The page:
In retrospect, my initial impressions (or non-impressions) of the Fallout 76 B.E.T.A. may have been a little biased. Fallout 76 didn’t really seem like something I wanted when it was initially announced. First of all, open world multiplayer survival games are usually about player versus player interactions, and rarely about exploring the worlds you inhabit. The lack of non-player characters also was a non-seller for me, since I thought that there would be little direction; instead you would have to find your own fun in a sandbox environment–again, not necessarily a bad thing, but not something that I associated with a Fallout game. My fears weren’t totally unfounded, but honestly, Fallout 76 feels closer to a Fallout experience than I anticipated.
First off: yes, you’re forced to play with other players, and they can kill you—but surprisingly, this wasn’t an issue. Also, though there were a ton of bugs that we ran into through our B.E.T.A. playthrough, our enjoyment wasn’t really hampered by them—though I don’t anticipate Fallout 76 being totally bug-free by the time it releases. I can’t say that I really ever wanted multiplayer in Fallout, but now that I have it, it’s actually a lot of fun running around the wasteland with friends. My initial first impression of Fallout 76 has, surprisingly to me, been a good one.
If you’ve played Fallout 4, you’ll feel right at home in Fallout 76. The graphics are similar, but the movement and gunplay feels straight from its predecessor. Despite the lack of human non-player characters, there are actually quite a few non-player characters that you can interact with—though these are mostly merchants, or part of strange encounters across the wasteland. You won’t be completely directionless, either, as early on you are following the path of your vault’s overseer, and using her early departure as a guide for your trek across the wastes.
While Fallout 76 is still a role-playing game, it approaches these elements a little differently than the other games in the series. Inventory management works similarly to that of Fallout 4, as you use your Pip-Boy mainly to interact with your character and your characters’ stuff. The perk/ability system is a little different, though. Instead of just choosing perks, you have several different perk cards to choose from. It appears as though people get these perk cards randomly, though, and you open up different sets with different abilities. People may not like the randomness of it, but I thought this system was interesting. After you collect multiples of the same perk card, you can combine them to make a higher level perk. The amount of cards you have assigned depends on how many points you have assigned to that attribute spread across the familiar S.P.E.C.I.A.L. system used from previous games in the series.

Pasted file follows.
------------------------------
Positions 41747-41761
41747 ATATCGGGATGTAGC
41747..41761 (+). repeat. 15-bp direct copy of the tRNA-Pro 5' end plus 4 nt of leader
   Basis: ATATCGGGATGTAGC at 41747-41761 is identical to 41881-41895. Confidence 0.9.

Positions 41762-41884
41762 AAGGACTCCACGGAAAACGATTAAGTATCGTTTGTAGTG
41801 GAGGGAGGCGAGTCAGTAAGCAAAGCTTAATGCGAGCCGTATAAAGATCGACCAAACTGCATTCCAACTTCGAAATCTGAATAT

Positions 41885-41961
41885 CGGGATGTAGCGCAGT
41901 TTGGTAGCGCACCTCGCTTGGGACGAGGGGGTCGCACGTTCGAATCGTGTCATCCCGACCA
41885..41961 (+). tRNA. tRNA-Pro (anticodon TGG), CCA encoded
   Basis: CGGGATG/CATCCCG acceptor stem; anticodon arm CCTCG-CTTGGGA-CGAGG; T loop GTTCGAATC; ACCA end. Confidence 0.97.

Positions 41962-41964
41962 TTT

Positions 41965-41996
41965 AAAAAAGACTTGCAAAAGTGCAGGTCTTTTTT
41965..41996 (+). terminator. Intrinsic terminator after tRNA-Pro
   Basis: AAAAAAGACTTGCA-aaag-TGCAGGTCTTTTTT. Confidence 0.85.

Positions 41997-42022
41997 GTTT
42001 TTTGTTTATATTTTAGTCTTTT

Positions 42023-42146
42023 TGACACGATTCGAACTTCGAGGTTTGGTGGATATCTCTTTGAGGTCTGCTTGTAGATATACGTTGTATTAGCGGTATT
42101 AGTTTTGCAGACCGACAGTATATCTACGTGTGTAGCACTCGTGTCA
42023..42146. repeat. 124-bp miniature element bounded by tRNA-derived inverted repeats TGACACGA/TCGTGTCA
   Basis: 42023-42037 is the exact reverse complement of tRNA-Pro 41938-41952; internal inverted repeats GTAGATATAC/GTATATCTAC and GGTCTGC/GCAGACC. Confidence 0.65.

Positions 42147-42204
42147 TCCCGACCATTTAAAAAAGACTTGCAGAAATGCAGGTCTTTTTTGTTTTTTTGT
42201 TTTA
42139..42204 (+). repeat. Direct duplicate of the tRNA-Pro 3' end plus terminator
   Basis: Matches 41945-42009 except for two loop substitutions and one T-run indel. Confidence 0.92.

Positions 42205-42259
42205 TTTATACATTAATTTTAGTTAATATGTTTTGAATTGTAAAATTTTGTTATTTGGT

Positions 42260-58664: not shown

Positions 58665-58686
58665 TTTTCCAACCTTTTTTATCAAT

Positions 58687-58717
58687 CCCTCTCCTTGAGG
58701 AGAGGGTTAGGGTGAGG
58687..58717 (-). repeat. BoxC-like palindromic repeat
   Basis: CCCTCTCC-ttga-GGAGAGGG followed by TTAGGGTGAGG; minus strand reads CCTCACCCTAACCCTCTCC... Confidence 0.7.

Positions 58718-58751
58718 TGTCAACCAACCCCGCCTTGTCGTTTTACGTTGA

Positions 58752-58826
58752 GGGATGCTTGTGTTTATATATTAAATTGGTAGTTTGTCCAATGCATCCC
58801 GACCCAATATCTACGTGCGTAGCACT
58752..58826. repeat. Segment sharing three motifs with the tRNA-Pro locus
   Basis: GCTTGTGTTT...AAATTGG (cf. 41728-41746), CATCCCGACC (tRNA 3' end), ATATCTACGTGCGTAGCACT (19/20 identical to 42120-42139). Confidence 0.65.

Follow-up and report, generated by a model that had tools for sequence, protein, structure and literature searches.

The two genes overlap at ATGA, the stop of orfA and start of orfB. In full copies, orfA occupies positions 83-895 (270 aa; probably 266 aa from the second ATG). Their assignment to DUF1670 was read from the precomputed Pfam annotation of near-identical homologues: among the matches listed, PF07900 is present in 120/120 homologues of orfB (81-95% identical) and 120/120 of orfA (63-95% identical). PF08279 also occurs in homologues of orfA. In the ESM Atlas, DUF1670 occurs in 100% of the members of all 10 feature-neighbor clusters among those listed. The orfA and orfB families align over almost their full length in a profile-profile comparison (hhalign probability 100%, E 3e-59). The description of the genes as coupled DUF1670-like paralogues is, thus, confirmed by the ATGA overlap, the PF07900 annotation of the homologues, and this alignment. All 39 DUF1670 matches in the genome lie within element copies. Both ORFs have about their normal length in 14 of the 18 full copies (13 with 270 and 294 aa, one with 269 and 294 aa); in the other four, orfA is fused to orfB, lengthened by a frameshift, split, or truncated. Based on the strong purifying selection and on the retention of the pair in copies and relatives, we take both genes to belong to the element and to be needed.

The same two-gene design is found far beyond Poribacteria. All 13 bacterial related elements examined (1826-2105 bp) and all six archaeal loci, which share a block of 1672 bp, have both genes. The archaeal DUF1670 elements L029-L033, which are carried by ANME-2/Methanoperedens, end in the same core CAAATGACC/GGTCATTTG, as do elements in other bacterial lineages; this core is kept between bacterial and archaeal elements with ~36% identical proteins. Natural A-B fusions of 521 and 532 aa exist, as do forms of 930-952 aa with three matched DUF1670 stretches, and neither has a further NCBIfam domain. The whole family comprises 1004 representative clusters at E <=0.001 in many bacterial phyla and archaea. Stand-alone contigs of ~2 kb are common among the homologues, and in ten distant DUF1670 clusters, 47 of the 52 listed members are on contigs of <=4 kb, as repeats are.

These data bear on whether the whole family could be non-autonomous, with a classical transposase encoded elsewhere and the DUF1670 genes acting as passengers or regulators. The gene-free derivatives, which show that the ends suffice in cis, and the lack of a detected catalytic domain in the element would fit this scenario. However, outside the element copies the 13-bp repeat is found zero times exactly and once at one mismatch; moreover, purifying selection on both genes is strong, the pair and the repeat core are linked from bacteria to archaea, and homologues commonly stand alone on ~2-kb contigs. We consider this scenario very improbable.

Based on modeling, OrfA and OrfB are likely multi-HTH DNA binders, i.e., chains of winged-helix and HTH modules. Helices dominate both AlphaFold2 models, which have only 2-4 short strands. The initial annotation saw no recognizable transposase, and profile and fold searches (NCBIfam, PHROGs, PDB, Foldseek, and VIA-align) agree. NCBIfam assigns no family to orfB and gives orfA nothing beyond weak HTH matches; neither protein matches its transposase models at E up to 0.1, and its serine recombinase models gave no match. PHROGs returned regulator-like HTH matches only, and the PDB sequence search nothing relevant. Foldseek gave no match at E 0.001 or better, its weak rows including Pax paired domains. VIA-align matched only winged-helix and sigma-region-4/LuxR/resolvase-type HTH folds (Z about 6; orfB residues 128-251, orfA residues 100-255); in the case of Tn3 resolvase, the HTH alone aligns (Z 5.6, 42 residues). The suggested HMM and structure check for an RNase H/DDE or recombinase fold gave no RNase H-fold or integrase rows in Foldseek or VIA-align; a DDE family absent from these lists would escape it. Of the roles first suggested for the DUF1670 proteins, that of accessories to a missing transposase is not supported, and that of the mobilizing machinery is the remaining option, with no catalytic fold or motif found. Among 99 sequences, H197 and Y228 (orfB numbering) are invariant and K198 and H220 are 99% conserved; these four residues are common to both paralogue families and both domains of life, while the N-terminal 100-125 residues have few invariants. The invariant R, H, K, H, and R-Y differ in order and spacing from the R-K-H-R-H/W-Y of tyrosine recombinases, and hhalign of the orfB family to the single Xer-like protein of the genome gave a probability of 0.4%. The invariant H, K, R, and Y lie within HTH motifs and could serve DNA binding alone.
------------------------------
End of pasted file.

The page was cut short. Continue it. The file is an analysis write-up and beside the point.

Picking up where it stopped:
This is the earliest Fallout in the series’ chronology. You play as a dweller of Vault 76, completely making your own character with your own destiny in the wasteland, 25 years after the bombs dropped. This Appalachia wasteland is full of creatures never before seen in a Fallout game, while containing many familiar mutated beasties and themes that have been explored before. Super Mutants return, as well as Feral Ghouls. But Feral Ghouls have new competition in the zombie-enemy department as a new breed of ghoul-like creature called The Scorched are unique to Appalachia, and spread through a plague that you are tasked to curing.
Appalachia is a colorful, interesting location. Not just a flat wasteland, Appalachia has lots of elevation changes, and a few different destroyed cities to scavenge your way through. Based on a location in West Virginia, this part of the country isn’t a glowing sea 25 years after the bombs, but instead a pretty verdant, lush, mostly beautiful land that is a joy to explore.